This post and the ones that follow will focus on how to track what you eat, get used to weighing your food yes including those cake toppers and friday afternoon drinks. All this by using an app to make it easier and reading nutrition labels quickly.
Yes, some of it will feel overwhelming and difficult at the start and you can’t just say i’ll use a fat burner like Oxyshred to lose weight. like they say “nothing worth having ever comes easy” and I truly believe that learning about macros (read what are macros?), calories (read what are calories?) and what’s in what your food is the key to eventually achieving nutritional freedom and living a completely guilt-free lifestyle with no cosmedix treatment necessary. You’ll know when to reward yourself and when to hold back. You won’t always need to be obsessively looking at everything you put in your mouth because, if you learn now, eventually you’ll be able to count on the fly, track it in your head, all without opening an app.
I’ve created the following list as a “beginners guide on how to use MyFitnessPal” as I know it can be a bit tricky at the start for people who have never had to track what they consume.
The first thing you need to do is download the MyFitnessPal app.
Once the app has installed, you’ll need change your goals to the macros/calories you want to be consuming. You can do that by going to:
“Calorie, Carbs, Protein and Fat Goals”
If you don’t know what goals to set, go back and read my posts on macros and calories and then speak to a nutritionist, or use Google to search for recommended goals. There are plenty of online examples that you can learn from, like this one from Lauren.
Once you’ve changed the numbers to your own, you can start adding your food. I always recommend starting off by just tracking the food you’re already eating as this will give you a good idea of what you need to eat more/less off and won’t make you feel overwhelmed, as if you’re trying to nail those numbers straight away. I stress that this is a long process and you’ll need to persevere if you want to see results; nothing happens after being “good” for one week.
Once you feel confident enough to start working towards the targets you’ve set, read through this list:
Plan ahead! I can’t stress this enough. This is how you will hit your macros at the start. It’s almost impossible to just “wing it” and still meet your targets before you learn what’s in your food. Spend 10 min on your phone logging your food for the next day before you go to bed. Doing this consistently will ensure you hit your targets. It helps to set a reminder alarm every night before bed.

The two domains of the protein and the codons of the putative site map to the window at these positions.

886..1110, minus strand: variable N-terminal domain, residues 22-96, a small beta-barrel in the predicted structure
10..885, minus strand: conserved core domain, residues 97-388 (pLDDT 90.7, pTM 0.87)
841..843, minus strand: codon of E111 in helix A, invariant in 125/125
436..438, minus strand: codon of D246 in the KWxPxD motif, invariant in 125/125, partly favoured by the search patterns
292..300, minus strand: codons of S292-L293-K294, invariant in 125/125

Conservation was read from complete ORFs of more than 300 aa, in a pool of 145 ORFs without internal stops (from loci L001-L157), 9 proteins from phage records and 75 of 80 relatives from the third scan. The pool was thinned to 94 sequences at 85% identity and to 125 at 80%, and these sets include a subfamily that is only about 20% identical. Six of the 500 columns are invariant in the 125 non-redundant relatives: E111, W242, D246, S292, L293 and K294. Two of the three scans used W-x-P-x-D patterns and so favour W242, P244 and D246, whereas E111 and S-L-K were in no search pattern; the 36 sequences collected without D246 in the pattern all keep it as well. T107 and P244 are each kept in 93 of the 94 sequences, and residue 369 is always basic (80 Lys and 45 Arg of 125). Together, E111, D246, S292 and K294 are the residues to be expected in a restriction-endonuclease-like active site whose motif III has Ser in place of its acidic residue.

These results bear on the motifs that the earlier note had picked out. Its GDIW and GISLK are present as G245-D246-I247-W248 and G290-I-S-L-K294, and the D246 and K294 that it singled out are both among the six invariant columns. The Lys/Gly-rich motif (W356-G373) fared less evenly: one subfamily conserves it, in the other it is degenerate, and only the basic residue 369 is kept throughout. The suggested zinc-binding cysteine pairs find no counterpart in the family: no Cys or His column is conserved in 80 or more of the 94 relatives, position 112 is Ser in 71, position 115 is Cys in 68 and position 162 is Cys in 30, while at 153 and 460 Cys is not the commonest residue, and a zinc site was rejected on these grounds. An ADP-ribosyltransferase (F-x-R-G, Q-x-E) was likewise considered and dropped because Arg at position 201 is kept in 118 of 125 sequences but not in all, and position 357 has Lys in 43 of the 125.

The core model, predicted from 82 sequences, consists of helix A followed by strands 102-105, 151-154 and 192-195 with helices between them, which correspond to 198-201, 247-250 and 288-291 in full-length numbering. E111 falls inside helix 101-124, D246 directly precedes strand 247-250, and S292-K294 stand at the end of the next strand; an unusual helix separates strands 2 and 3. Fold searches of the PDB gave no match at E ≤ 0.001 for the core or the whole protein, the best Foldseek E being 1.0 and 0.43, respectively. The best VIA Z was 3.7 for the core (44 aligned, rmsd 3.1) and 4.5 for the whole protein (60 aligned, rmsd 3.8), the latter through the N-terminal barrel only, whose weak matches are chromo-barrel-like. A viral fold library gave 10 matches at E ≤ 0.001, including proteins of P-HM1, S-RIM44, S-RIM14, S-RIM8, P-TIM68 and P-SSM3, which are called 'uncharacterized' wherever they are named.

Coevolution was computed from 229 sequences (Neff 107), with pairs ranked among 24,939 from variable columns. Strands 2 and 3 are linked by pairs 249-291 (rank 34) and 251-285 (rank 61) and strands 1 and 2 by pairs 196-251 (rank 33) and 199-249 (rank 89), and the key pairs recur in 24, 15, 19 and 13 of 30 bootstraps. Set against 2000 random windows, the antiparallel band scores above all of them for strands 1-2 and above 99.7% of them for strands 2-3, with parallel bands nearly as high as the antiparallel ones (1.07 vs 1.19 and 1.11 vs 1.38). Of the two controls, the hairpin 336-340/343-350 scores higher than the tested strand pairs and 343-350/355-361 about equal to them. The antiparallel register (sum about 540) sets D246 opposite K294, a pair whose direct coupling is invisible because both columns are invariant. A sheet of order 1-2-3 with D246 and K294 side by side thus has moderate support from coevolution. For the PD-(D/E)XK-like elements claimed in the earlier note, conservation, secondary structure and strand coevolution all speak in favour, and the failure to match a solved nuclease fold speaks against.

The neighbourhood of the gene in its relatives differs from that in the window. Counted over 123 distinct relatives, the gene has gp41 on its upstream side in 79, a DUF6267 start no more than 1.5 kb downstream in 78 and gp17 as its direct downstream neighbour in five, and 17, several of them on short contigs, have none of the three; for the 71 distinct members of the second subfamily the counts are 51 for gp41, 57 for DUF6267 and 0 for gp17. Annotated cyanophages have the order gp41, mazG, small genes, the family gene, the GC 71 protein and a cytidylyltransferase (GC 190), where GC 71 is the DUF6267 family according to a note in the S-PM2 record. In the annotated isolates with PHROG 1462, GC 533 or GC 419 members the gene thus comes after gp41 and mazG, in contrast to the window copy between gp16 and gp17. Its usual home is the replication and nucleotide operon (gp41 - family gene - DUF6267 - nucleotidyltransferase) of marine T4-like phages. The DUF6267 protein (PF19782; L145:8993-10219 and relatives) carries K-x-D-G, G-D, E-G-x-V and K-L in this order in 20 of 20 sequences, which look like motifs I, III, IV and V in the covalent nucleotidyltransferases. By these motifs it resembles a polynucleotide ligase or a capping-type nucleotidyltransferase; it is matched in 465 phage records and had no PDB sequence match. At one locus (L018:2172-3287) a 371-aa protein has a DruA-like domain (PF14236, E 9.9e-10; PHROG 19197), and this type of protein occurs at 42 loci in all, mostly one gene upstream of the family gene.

If counting seems way too hard and confusing, start with tracking your protein and make up the remaining calories with fats and carbs. Once you’ve gotten the hang of it, add carbs and fats as well (just be mindful that carbs only have about half the calories that fat does – carbs are 4cal/1g and fats are 9cal/1g). Remember, calories are what matters for weight loss, macros mainly determine how you feel and perform.
If you’re making a big batch of something, go to your home page, click “Meals, Recipes & Foods” and “Create a Meal”. Then you can easily add 1/2, 1/3 or however much you’re eating by going back to your day and clicking “Add food” then “Meals” then choose your serving size and add it. Some recipe pages online even have this function on their page so make sure you look for that if you like to find great recipes online like I do (read my latest recipe – Moroccan Cod & Bulger Salad).
Make it a habit to read the nutrition label before you put food in your basket. I’ll explore this in more detail a later post. If you struggle to hit your fats, look for food higher in fat content. If you struggle with carbs/protein, look for foods that are higher in that.
Don’t beat yourself up if you’re hitting a lot of red boxes at the start. It takes time to learn how to track and the important thing is that you’re doing it, trying a new approach and becoming more aware of what you’re eating. Progress!
Involve your friends and family! Everything is easier when you do it with someone, and that way you can also keep each other accountable.